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Here’s Why It’s Hilarious That Cattle Slaughter Ban Is Coming From The Environment Ministry

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Note: This article is not about Democracy, Right to Religious Freedom, or Secularism. It’s written from a purely environmental standpoint. Something I am actively concerned about, having helped put together Mumbai’s Digital Climate March.  So let’s quickly get past my last name and read on.


First of, as an environmentalist (most environmentalists are also concerned about the current state of the meat industry) here are the various aspects of the new notification i.e. Gazette No. 396 ‘Prevention of Cruelty to Animals Rules, 2017’ issued by the central government that I applaud:
  • Prohibition of hot branding and cold branding, shearing, bishoping (in horses) and ear cutting (in buffaloes), and the use of chemicals on the body parts of animals to identify them or make them look younger.
  • Prohibition of forcing animals to perform unnatural acts such as dancing and their castration by quacks or traditional healers.
  • The rules detail the facilities that every animal market is required to have: adequate space, shade, feeding troughs, water tanks with multiple taps and buckets, lighting, and separate enclosures for sick and infirm animals, among others.

Now let’s quickly ascertain that this ‘Cattle Slaughter Ban’ is socio-political in nature and not environmental or for that matter economical. Then we shall establish why it’s seriously detrimental to the environment and therefore macabrely humorous that the ban originates from our ‘Environment’ Ministry. We shall then invalidate my earlier applause.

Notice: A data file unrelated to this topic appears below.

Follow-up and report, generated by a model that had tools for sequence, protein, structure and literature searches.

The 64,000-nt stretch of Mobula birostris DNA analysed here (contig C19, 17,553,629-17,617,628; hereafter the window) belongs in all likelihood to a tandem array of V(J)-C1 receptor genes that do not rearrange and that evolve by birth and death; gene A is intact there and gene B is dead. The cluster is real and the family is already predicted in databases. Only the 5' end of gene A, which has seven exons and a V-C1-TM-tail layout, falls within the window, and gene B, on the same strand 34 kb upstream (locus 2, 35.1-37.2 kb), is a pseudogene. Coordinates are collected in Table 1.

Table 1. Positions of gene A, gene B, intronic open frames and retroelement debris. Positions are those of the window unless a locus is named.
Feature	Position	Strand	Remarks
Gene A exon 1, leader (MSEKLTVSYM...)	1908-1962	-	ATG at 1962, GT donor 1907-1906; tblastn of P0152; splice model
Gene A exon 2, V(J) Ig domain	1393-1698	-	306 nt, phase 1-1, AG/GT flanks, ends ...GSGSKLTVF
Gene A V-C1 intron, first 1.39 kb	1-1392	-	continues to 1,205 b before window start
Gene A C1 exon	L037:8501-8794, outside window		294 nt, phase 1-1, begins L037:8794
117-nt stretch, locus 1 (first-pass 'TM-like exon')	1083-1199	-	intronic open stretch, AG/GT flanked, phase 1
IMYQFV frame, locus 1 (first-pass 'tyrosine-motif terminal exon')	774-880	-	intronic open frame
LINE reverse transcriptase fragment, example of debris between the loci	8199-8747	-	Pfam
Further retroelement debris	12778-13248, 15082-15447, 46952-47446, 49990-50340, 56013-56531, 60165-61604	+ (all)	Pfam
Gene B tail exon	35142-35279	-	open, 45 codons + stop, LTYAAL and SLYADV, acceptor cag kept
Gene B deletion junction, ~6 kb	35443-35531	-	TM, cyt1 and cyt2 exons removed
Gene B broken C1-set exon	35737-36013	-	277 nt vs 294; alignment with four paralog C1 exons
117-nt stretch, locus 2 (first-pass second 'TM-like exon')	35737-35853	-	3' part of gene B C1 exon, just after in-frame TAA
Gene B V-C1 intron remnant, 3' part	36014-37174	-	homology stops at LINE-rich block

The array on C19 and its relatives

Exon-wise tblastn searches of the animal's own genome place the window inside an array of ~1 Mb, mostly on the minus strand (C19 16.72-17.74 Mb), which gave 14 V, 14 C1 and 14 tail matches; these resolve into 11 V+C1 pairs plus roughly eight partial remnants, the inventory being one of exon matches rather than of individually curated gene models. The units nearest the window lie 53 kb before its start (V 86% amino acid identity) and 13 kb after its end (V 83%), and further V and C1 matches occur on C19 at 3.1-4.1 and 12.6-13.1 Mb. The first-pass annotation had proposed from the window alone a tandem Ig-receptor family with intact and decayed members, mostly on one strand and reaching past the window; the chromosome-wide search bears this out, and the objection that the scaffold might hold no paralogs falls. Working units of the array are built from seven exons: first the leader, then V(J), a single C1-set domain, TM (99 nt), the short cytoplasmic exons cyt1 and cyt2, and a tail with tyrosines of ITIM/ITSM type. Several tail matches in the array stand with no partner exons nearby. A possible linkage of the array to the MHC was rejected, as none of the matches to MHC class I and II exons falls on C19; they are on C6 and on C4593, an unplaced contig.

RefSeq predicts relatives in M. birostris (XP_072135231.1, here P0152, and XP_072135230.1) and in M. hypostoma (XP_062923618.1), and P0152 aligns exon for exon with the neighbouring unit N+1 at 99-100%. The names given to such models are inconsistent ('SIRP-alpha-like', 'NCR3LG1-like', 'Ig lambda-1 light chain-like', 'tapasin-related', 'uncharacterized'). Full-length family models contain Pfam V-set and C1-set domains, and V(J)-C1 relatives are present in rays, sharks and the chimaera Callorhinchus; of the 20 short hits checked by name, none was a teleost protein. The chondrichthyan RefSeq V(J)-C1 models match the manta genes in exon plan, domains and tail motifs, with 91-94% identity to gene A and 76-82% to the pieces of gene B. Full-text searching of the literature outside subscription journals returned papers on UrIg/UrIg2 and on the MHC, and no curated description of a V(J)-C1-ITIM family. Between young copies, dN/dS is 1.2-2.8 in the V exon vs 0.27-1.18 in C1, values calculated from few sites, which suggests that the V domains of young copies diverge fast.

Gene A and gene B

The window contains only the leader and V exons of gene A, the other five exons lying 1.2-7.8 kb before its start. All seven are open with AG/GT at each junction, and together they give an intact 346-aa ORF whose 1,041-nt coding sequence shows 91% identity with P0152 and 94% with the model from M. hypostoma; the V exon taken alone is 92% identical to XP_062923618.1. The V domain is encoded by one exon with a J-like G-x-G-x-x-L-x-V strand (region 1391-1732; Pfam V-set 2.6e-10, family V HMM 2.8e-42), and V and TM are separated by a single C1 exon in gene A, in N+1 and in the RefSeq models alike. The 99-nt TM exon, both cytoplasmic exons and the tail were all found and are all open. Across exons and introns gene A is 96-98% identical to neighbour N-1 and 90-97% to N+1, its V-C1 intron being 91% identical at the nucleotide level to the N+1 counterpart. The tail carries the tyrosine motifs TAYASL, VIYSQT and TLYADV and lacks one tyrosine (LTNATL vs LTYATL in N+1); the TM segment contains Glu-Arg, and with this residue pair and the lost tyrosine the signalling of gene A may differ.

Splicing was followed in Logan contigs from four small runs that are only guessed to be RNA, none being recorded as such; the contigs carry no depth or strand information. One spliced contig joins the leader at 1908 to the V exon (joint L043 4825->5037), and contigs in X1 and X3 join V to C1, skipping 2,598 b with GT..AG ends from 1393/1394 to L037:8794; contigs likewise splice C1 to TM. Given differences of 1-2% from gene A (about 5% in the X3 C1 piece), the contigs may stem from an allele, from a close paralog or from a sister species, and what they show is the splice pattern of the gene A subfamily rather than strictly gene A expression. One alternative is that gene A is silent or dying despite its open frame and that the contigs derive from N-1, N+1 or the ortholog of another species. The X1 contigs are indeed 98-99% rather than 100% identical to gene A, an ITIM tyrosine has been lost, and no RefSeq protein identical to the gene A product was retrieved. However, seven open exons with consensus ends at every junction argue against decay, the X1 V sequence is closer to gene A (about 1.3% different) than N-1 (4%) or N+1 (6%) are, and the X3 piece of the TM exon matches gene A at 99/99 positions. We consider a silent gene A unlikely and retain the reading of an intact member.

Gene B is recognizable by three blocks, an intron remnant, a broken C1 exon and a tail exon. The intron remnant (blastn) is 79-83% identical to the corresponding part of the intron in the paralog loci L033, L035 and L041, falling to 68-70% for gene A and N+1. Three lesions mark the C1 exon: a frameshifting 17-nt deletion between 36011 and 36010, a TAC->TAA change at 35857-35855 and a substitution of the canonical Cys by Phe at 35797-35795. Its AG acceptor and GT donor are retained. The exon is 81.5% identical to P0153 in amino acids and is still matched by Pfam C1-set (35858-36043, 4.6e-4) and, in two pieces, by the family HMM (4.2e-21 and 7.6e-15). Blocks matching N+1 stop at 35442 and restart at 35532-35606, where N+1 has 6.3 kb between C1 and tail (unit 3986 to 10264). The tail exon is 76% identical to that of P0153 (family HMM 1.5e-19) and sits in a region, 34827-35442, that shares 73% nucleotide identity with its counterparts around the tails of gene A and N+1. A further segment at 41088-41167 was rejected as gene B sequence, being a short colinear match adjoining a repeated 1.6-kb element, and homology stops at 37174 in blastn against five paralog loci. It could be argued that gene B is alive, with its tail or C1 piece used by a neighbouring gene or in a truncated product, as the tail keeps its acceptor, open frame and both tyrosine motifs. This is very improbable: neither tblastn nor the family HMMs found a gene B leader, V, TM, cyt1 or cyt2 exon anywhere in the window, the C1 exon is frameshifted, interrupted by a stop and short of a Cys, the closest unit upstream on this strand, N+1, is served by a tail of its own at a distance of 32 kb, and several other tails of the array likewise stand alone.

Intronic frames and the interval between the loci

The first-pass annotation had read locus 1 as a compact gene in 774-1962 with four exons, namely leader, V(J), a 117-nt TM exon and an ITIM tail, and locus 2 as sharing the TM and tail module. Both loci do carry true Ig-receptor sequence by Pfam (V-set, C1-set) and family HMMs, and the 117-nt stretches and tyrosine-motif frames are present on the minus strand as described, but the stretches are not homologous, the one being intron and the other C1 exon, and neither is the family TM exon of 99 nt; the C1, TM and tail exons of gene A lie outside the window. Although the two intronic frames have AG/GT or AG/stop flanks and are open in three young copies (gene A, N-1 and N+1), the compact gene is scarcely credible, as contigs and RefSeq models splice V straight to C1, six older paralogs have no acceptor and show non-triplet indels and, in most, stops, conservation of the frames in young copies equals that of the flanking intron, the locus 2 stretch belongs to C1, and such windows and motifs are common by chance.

• Only 30% of cattle slaughtered in India is used for meat, either for local consumption or export
  • Most of the 30% cattle slaughtered is the water buffalo because the culling of cows for meat is either totally banned or allowed with strict riders in all but five states
  • Eating, selling, transporting or exporting meat of the cow genus is already a non-bailable offense, punishable by up to 10 years in jail in all of northern, central and western India
  • 40% of a dairy farm’s income is derived from the sale of unproductive cows. With the added strain of an increase in demand for dairy, an inability to sell unproductive cows could be the undoing of the dairy industry
  • The inability to access a marketplace for sale of their agricultural cattle will add a brand new burden on the shoulders of Indian farmers – by now we should be aware of just how burdened those shoulders are
  • India is currently the global leader in buffalo meat exports, which grew at a compound annual rate of 29% between 2007-08 and 2015-16, from ₹3,533 crore to ₹26,685 crore.
  • A ban on purchase for the purpose of slaughter means the end of an industry that is worth $5 billion
Given the above data, it’s easy to conclude that the move isn’t economical in nature but is driven by socio-political agendas. Here is why it’s clearly not environmental in its objectives:
  • According to the 2012 Livestock Census, India has a total of 191 million cows and bulls and 109 million water buffaloes
  • That is roughly 25% of India’s human population
  • According to the livestock census, India already has an estimated 5.2 million stray cattle – many of them wandering through urban areas – abandoned by owners that no longer feel it makes sense to feed them, but who cannot find a market for them, due to existing restrictions on cow slaughter
  • Gazette no. 396 aims to stop all trade of bovines for slaughter – no selling and no buying
  • This will lead our already burdened farmers, to simply stop rearing bovines and abandon their existing ones to fend for themselves
  • This has indeed already happened in states like Maharashtra with the 2015 ban on bullock slaughter
  • These newly abandoned bovines will add to our 5.2 million stray cattle

Methane (CH4) is a greenhouse gas like carbon dioxide (CO2). But the negative effect on the climate of CH4 is 84 times higher than the effect of CO2 on climate change. An average cattle produces about 100 kg of methane a year, mostly through flatulence and belching.